Paper-Lecture49 - Phosphorus Influence on Growth and...

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J. W. Call, J. E. Butcher, J. T. Blake, R. A. Smart and J. L. Shupe Cattle Phosphorus Influence on Growth and Reproduction of Beef 1978. 47:216-225. J Anim Sci http://jas.fass.org services, is located on the World Wide Web at: The online version of this article, along with updated information and www.asas.org at University of Florida on April 14, 2008. jas.fass.org Downloaded from permission. Copyright © 1978 American Society of Animal Science. All rights reserved. For personal use only. No other uses without
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PHOSPHORUS INFLUENCE ON GROWTH AND REPRODUCTION OF BEEF CATTLE J. W. Call, J. E. Butcher, J. T. Blake, R. A. Smart and J. L. Shupe ~ Utah State University Logan, 84322 SUMMARY Ninety-six 7-month-old Hereford heifers (two replicates of 48, one year apart) were individually fed for 2 years a basal ration containing .14% phosphorus on an "as fed" basis, which approxiamted 66% NRC recommendations. Forty-eight of the animals were limited to this low phosphorus (P-) diet. The other 48 (P+) received sufficient monosodium phosphate, top dressed on the basal ration, to elevate phosphorus intake to .36% on an "as fed" basis (174% NRC recommendations). The average daily weight gain for all groups was .45 kg. Feed efficiency was similar for the two groups. There was no evidence of lack of appetite or depraved appetite in either group; nor was there a difference in age of puberty. The P- cattle had a 96% pregnancy rate with 91% live calves compared to 100% and 93%, respectively, for the P+ cattle. These differences were not significant. After 9 months on trial (approximately 16 months of age) no difference in rib bone morphology was discernable from microradio- graphs. Blood and serum levels of phosphorus temporarily increased in the P+ cattle, but at 16 months of age were comparable to the less fluctuating values in the P- cattle. The phosphorus levels for bone and muscle were similar each year and for each treatment. Urine and fecal phosphorus excretion was significantly higher in the P+ than in the P- cattle. (Key Words: Phosphorus, Nutrition, Reproduction, Growth, Bone Morphology, Beef Cattle.) JAnimal, Dairy and Veterinary Sciences Department, College of Agriculture, Utah State Agricultural Experiment Station, Utah State University, Logan, 84322. Journal Paper No. 2167. Additional support funds from USDA, ARS and Four Corners Regional Commission; materials grants from Leslie Foods Inc., International Minerals and Chemicals Corp., and Diamond-shamrock Chemical Co.; analytical monitoring by Ralston Purina Co. and Intermountain Laboratory Inc.; contributions from Western Regional Research 112. INTRODUCTION Phosphorus in the ruminant diet was researched by Theiler et ak (1928) and by several other scientists during the early thirties (Eckles et al., 1932, 1935; Henderson and Weakly, 1930; Kleiber 1936; Theiler and Green, 1932). Aphosphorosis in catle is reported to he widespread and phosphorus supplementation is a common practice. Many scientists have associated reduced reproductive performance with a phosphorus- deficient diet. Ovarian dysfunction and reduced fertility in cattle were reported by Hignett and Hignett, 1951; Short and Bellows, 1971; Theiler et al.,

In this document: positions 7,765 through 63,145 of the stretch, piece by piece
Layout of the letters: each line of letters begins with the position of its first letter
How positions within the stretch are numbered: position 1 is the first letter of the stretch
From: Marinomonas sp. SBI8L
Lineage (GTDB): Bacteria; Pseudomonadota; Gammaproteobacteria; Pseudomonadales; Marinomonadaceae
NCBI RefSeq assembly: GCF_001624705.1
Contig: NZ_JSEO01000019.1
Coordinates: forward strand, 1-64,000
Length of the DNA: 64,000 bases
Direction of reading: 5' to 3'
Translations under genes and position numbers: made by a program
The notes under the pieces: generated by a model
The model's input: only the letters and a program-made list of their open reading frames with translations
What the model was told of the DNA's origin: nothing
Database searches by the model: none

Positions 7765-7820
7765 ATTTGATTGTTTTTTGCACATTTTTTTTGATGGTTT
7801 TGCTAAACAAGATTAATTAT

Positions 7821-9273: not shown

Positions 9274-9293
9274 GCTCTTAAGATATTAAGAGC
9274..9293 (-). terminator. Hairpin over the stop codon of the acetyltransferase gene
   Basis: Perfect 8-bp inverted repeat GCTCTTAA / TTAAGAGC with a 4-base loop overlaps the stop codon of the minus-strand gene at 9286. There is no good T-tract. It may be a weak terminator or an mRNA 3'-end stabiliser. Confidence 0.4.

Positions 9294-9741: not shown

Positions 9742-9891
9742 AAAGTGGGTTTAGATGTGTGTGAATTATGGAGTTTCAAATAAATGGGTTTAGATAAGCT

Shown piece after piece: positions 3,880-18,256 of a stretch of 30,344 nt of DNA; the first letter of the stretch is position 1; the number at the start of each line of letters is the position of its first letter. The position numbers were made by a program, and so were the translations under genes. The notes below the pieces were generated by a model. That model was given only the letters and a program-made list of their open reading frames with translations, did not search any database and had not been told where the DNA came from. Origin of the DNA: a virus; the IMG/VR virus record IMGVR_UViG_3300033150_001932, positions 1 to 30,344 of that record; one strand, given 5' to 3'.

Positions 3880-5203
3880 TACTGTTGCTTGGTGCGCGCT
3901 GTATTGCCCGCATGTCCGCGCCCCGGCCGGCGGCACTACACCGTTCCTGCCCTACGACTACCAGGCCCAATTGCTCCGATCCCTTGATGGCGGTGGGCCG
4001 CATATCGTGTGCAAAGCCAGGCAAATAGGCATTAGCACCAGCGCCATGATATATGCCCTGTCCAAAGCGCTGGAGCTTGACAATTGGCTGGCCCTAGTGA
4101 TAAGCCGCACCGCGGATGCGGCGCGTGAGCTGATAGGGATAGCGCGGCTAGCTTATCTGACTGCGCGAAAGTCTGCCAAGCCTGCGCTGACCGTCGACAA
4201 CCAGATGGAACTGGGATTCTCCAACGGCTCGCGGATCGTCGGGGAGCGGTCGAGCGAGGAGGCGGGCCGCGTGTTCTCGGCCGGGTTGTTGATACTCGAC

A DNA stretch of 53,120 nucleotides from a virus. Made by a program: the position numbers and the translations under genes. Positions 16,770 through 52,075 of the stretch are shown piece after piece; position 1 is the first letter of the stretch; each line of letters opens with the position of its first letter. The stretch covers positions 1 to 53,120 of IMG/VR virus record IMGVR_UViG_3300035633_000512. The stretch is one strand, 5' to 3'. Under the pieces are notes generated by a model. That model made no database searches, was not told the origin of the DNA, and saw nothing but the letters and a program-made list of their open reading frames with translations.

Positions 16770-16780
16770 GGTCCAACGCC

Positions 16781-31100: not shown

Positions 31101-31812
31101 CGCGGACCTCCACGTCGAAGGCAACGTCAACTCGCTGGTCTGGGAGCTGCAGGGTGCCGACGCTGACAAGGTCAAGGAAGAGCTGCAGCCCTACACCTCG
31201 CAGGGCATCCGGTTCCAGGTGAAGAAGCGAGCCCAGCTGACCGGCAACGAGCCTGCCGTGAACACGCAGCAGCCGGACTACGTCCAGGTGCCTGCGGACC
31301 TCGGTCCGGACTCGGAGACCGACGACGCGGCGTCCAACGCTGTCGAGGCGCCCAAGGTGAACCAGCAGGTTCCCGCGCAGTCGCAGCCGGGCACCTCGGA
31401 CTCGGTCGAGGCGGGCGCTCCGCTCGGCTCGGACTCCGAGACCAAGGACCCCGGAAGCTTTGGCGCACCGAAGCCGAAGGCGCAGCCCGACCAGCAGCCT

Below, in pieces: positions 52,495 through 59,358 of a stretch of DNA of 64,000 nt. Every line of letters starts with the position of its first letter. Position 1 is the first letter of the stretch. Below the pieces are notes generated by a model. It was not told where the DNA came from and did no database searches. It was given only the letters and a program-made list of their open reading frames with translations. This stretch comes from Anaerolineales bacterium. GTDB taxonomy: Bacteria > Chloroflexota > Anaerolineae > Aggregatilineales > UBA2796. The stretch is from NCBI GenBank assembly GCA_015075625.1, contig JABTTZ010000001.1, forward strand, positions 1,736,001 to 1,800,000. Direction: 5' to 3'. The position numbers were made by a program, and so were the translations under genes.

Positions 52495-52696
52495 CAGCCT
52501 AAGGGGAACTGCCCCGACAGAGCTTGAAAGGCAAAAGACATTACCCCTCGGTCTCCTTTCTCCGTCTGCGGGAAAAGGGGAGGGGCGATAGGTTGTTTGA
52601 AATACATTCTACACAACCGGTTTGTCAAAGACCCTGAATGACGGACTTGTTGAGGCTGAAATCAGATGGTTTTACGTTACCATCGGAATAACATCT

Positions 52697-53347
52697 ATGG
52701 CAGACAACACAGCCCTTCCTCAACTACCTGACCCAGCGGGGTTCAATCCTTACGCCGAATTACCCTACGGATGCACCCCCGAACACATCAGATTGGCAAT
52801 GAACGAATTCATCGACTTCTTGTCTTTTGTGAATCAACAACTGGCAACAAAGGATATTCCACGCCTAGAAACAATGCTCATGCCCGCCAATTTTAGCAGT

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Paper-Lecture49 - Phosphorus Influence on Growth and...

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